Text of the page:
Welcome to the new version of CaltechAUTHORS. Login is currently restricted to library staff. If you notice any issues, please email coda@library.caltech.edu
Published May 1994 | metadata_only
Journal Article

Comet Shoemaker-Levy 9: Impact on Jupiter and Plume Evolution


The impact of fragments of Comet Shoemaker-Levy 9 on Jupiter and the resulting vapor plume expansion are investigated by conducting three-dimensional numerical simulations using the smoothed particle hydrodynamics (SPH) method. An icy body, representing the cometary fragments, with a velocity of 60 km/sec and a diameter of 2 km can penetrate to 350 km below the 1-bar pressure level in the atmosphere. Most of the initial kinetic energy of the fragment is transferred to the atmosphere between 50 km and 300 km below the 1-bar pressure level. The shock-heated atmospheric gas in the wake is totally dissociated and partially ionized. Scaling our SPH results to other sizes indicates that fragments larger than ∼100 m in diameter can penetrate to below the visible cloud decks. The energy deposited in the atmosphere is explosively released in the upward expansion of the resulting plume. The plume preferentially expands upward rather than horizontally due to the density gradient of the ambient atmosphere. It rises ≥10^2 km in ∼10^2 sec. Eventually the total atmospheric mass ejected to above 1 bar is ≥40 times the initial mass of the impactor. The plume temperature at a radius ∼10^3 km is >10^3 K for 10^3 sec for a 2-km fragment. We predict that impact-induced plumes will be observable with the remote sensing instruments of the Galileo spacecraft. As the impact site rotates into the view of Earth some 20 min after the impact, the plume expansion will be observable using the Hubble Space Telescope and from visible and infrared instruments on groundbased telescopes. The rising plume reaches ∼3000 km altitude in ∼10 min and will be visible from Earth.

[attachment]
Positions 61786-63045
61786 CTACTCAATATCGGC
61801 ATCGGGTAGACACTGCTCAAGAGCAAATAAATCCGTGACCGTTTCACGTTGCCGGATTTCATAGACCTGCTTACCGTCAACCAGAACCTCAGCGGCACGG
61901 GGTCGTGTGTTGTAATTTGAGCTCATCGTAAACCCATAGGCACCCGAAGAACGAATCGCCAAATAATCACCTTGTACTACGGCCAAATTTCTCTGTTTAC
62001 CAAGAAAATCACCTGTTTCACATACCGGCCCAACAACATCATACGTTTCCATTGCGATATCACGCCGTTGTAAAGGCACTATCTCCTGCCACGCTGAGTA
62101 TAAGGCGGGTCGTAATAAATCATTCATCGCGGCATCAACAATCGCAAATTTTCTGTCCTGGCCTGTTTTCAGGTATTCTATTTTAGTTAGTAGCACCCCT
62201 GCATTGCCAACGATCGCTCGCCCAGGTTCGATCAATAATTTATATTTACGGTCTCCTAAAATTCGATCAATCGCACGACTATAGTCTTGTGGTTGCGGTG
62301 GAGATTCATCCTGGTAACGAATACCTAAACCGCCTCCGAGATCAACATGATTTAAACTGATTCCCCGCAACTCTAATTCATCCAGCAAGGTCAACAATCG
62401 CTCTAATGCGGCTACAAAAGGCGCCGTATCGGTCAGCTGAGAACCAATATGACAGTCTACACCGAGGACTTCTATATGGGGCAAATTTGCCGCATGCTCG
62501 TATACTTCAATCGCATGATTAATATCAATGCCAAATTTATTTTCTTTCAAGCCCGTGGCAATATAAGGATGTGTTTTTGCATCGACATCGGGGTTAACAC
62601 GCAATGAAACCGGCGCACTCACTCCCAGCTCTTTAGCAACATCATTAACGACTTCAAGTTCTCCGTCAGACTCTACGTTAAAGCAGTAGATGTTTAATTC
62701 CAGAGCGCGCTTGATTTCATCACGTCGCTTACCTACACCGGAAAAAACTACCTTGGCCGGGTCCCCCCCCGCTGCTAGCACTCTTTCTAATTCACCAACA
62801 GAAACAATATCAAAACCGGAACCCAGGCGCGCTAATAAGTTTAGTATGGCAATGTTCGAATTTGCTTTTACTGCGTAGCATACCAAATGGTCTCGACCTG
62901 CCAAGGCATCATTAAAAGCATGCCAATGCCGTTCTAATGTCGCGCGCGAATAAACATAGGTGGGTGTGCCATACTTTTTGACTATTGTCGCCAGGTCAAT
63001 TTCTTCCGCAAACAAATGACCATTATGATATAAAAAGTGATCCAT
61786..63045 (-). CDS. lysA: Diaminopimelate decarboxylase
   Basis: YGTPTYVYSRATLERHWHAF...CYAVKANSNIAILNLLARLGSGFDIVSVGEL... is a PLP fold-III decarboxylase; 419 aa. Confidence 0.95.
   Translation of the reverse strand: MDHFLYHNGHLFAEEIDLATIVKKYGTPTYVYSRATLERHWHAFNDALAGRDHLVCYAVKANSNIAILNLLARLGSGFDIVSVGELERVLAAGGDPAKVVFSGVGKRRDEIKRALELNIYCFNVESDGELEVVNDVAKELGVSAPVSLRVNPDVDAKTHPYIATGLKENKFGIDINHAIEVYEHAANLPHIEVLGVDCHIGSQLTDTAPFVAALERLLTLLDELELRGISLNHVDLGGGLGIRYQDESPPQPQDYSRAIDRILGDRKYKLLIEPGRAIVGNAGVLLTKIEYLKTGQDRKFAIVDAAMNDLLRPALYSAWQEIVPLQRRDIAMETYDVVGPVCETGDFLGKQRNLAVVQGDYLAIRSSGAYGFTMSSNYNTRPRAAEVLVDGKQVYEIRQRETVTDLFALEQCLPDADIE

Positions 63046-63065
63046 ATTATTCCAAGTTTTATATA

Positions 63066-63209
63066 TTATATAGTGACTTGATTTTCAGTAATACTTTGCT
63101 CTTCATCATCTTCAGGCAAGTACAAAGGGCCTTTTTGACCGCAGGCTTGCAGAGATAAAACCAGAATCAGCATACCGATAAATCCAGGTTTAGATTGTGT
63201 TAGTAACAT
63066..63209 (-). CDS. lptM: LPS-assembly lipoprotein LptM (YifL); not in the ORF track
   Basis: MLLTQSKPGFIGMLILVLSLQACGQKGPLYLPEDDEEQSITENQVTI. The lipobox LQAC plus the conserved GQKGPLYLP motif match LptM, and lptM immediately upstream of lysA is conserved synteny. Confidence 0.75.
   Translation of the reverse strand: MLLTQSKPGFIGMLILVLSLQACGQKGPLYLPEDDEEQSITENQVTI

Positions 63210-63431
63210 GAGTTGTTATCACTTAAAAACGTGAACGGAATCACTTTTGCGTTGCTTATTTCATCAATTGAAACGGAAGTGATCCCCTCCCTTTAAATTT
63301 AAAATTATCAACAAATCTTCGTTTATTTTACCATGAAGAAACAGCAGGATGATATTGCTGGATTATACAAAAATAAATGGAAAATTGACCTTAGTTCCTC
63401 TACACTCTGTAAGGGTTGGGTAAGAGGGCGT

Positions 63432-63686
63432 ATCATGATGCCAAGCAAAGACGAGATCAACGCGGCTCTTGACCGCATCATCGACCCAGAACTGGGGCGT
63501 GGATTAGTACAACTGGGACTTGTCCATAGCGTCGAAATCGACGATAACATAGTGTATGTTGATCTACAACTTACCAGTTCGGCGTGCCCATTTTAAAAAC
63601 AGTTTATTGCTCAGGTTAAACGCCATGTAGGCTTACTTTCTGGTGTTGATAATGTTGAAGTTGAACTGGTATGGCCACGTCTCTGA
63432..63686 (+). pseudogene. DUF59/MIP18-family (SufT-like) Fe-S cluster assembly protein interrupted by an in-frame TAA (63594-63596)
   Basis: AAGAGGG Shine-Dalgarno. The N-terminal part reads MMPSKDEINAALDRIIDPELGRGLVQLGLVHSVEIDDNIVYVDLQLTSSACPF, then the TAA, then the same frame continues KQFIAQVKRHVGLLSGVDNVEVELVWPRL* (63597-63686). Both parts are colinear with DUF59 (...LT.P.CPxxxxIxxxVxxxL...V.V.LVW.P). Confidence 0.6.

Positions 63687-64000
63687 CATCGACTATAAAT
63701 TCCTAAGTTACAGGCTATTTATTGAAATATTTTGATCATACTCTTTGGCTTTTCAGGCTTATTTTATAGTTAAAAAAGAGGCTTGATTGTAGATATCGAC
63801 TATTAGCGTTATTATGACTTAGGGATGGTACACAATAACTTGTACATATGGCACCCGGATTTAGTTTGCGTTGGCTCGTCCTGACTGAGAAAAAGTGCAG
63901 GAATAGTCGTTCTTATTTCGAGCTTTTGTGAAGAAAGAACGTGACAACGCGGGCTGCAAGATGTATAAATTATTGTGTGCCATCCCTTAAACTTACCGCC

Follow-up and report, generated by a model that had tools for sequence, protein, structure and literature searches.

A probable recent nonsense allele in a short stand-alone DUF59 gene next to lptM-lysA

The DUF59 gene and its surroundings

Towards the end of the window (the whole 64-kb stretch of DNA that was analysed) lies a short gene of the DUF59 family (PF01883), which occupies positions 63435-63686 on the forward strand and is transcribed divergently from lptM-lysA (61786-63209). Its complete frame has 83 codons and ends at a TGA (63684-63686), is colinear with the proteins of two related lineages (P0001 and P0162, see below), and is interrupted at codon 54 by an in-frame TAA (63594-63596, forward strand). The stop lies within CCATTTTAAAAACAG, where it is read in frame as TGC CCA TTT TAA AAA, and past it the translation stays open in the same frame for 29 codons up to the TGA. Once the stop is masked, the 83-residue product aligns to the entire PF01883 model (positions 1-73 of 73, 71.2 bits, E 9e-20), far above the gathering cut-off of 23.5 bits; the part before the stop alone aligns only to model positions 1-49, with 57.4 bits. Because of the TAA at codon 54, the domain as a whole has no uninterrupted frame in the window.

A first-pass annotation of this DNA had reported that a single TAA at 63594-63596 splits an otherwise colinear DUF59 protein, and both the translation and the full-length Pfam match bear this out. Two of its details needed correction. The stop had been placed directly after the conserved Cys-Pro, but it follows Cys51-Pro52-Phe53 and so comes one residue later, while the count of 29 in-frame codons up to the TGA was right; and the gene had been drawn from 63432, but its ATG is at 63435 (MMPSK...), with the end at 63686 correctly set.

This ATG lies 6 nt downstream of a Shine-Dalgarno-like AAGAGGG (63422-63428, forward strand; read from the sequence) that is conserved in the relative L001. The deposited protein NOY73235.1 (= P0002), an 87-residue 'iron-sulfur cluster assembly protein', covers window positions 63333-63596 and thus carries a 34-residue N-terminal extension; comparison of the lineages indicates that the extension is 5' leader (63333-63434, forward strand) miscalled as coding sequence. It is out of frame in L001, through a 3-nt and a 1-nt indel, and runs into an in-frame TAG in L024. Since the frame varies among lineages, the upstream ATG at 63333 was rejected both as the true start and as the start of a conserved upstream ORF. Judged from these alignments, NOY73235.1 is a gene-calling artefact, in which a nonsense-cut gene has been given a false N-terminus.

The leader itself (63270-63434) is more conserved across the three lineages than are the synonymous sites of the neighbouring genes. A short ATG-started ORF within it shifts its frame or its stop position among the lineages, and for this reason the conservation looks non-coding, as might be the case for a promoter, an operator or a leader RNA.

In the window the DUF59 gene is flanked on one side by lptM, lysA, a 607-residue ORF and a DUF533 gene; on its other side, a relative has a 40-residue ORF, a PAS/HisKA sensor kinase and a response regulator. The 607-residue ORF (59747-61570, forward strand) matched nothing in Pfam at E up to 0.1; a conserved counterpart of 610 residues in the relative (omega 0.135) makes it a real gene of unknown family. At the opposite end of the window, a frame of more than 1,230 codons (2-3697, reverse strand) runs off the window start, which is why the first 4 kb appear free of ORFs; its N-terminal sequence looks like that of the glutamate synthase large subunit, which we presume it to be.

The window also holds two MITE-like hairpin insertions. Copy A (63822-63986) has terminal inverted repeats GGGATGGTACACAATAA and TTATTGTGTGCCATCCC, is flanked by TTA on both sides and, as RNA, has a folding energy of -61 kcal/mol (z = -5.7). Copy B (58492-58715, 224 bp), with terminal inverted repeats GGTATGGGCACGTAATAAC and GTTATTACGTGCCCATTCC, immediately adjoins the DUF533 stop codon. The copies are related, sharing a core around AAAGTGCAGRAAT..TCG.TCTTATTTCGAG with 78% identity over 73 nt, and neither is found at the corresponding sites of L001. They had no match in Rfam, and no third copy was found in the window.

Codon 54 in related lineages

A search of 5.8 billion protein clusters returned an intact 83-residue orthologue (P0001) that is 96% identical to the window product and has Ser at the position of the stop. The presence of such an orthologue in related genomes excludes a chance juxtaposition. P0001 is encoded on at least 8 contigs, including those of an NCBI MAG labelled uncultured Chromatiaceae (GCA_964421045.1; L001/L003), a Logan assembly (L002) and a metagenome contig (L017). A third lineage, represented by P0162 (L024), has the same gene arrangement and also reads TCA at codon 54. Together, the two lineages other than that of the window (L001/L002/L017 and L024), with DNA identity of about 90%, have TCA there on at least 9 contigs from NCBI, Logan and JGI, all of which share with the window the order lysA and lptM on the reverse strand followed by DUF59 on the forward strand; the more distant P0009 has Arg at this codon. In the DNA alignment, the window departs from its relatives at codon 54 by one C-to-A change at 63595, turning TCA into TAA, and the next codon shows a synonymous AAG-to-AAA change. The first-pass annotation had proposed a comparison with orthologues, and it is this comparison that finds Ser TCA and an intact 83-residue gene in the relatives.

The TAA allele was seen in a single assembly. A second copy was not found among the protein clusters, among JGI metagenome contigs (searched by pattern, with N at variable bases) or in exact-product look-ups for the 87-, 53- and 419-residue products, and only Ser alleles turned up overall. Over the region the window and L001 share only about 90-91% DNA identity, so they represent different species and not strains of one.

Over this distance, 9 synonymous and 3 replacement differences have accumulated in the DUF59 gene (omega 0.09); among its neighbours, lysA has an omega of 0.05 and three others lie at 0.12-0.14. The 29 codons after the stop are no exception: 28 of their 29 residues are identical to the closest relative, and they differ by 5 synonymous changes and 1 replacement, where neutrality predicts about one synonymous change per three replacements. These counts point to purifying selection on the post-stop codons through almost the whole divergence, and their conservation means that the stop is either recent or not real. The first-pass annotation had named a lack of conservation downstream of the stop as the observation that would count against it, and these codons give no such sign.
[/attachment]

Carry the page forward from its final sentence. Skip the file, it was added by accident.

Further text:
Additional Information

© 1994 Academic Press Inc. Revised February 9, 1994; revised April 25, 1994. Available online 24 April 2002. Research supported by NASA and Cray Research Corp. All the SPH calculations are carried out on the CRAY-YMP at Jet Propulsion Laboratory. We thank W. W. Anderson for comments on this paper. We thank B. Sturtevant, D. A. Crawford, M. M. Mac Low, W. Benz, A. M. Vickery, H. Kanamori, A. P. Ingersoll, D. J. Stevenson, J. Friedson, and K. Zahnle for helpful comments and M. Lainhart for his technical support. We thank M. B. Boslough, and an anonymous reviewer for improving the manuscript.

Additional details

August 20, 2023
August 20, 2023